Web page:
10 CHARACTERISTICS OF ARGUMENTATIVE ESSAY

We explain what is the argumentative text and what are its main characteristics. Elements, its structure, and its parts.

Argumentative text

The argumentative text is a type of text that has coherence and, in turn, argues or raises different reasons or depending on something that the text tries to explain or say.

In the beginning the argumentative text was manifested orally, however at present there are both argumentative texts or oratory with the same purpose: to persuade or convince the reader or listener about something in particular using valid arguments or arguments, be they logical or affective .

An argumentative text has elements that affirm or deny certain ideas but this is done starting from different refutations, objections, questions both own and alien.

An argumentative text presents a particular structure. Unlike other types of texts, the argumentative implies that this structure is very specific. On the other hand, these texts show certain characteristics of the same issuer, a situation that does not occur in other types of texts.

Characteristics of the argumentative text

Planning

Before starting to write an argumentative text it is necessary to take into account the planning of it. That is, what ideas will be taken and what will be transmitted. In the planning will try to develop mentally or in a sketch (draft) the thesis that will accompany throughout the text.

Structure

An argumentative text will have five paragraphs that will be of a similar extension with respect to each other.

Paragraph No. 1: In this first paragraph the introduction must be made and the thesis formulated.

Paragraphs 2 and 3: E the paragraph of the arguments. These are presented as approving or supporting the thesis (s). It is always recommended that there are between one and two main theses, although this will depend on the intension of the issuer.

Paragraph No. 4: This paragraph is presented to refute or counterargument the previous paragraph.

Paragraph No. 5: It is the paragraph of the conclusion.

Parts of the text

The internal parts of the argumentative texts are strict regarding the presentation of their parts. Thus, three parts can be distinguished. These are:

Introduction. This introduction is also known as the presentation of the hypotheses that will be developed in the next step. Here you can find paragraph # 1 explained above.

Developing. In this stage, arguments that can validate or refute one or more hypotheses are shown sequentially. Sometimes, the development can be subdivided into two parts: Thesis and Argumentation.

Conclusion. It is the part where the issuer will explain all the conclusions presented above. Here is paragraph 5.

Facts and hypotheses

All argumentative text is based on a thesis or proposition, although there may be more than one thesis. This is, an idea based on something that the issuer will try to demonstrate, refute or question with different arguments throughout the argumentative text.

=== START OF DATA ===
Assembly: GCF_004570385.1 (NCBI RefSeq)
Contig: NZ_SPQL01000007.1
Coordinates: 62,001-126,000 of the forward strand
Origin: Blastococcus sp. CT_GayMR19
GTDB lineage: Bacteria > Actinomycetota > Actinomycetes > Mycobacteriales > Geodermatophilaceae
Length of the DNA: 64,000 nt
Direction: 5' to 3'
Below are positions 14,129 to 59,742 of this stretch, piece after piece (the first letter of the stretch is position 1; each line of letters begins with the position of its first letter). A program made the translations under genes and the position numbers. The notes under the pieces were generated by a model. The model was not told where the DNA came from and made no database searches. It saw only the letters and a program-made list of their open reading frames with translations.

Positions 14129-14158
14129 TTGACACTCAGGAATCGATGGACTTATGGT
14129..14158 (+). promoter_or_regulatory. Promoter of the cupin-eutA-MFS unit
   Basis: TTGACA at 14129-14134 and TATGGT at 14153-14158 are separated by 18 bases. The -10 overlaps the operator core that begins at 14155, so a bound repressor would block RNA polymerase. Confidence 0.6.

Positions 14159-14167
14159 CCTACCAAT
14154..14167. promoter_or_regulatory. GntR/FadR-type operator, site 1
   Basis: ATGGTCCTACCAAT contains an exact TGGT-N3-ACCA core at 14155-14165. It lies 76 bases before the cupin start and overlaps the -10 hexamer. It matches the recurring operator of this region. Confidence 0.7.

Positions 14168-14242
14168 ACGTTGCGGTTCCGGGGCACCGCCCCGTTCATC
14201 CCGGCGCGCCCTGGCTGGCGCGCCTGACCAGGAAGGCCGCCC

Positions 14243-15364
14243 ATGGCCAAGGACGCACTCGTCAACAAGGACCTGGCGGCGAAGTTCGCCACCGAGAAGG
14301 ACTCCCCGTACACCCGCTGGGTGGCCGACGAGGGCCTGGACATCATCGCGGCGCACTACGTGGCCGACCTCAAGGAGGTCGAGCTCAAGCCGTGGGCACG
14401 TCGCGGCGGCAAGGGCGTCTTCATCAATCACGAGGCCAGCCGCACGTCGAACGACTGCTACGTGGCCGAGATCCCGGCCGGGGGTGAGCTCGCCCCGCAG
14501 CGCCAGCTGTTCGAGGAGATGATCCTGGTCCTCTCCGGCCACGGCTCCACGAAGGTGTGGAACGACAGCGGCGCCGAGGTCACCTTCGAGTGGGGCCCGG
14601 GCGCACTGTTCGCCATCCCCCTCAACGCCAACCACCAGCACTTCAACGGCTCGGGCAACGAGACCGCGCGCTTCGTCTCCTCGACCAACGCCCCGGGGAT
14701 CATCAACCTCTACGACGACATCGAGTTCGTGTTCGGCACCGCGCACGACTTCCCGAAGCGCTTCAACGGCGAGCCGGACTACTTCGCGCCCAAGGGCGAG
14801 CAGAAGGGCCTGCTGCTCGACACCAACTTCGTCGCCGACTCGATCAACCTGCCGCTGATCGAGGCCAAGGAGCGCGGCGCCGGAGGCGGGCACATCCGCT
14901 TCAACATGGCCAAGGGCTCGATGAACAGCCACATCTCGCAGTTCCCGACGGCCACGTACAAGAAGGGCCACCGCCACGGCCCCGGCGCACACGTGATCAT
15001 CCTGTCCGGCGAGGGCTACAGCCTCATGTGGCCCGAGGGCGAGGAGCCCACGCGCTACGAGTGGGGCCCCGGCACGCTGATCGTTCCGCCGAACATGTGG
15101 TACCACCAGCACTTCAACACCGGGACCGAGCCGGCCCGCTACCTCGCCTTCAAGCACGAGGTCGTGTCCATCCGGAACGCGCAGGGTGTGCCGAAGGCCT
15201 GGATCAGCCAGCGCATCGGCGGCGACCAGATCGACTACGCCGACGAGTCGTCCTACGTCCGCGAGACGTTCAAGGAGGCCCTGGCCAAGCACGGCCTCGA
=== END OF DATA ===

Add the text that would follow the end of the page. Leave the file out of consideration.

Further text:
Issuer’s posture

In the argumentative texts it is possible not only to see the position of the sender of the text but also to know their opinions since, in these texts, the sender will try to convince or persuade the interlocutors on a particular subject. Thus, the issuer’s task will be to convince the interlocutors about one or several ideas.

However, the issuer has the purpose of raising several points of view, only that it will opt for one of them and will defend it or, failing that, refute another point and based on that text.

Demonstration and argumentative sequence

Given that the argumentative texts must state a hypothesis, the demonstration of the facts will be made through the different argumentative elements.

In order to demonstrate the thesis, the issuer can appeal to the exemplification, clarification, explanation, consensus or denial.

Types of arguments

There are two main types of arguments that can be found in argumentative texts. On the one hand there are the emotive-affective arguments and on the other there are the arguments for reasoning.

Emotional-affective arguments: They are those that allude to conviction through feelings, goodness or lack of it. They use guilt or love to persuade. Mostly they are demonstrated with examples.

Arguments for reasoning. They appeal to the receptors’ reasoning ability. This type of reasoning can be by analogy, by generalization, by symptomatic signs or by cause.

Types of argumentative texts

Texts that use this type of structure to communicate something are mostly scientific, psychological, theological, philosophical, and linguistic texts. In addition, legal texts such as amparo appeals or appeals are argumentative texts.

Formal aspects

In this type of texts:

An impersonal voice with a formal language is used.

Not too many commas are used, rather the use of separate points and followed, depending on the case.

Words are not repeated, rather synonyms are used.

You use connectors to give cohesion to the text.

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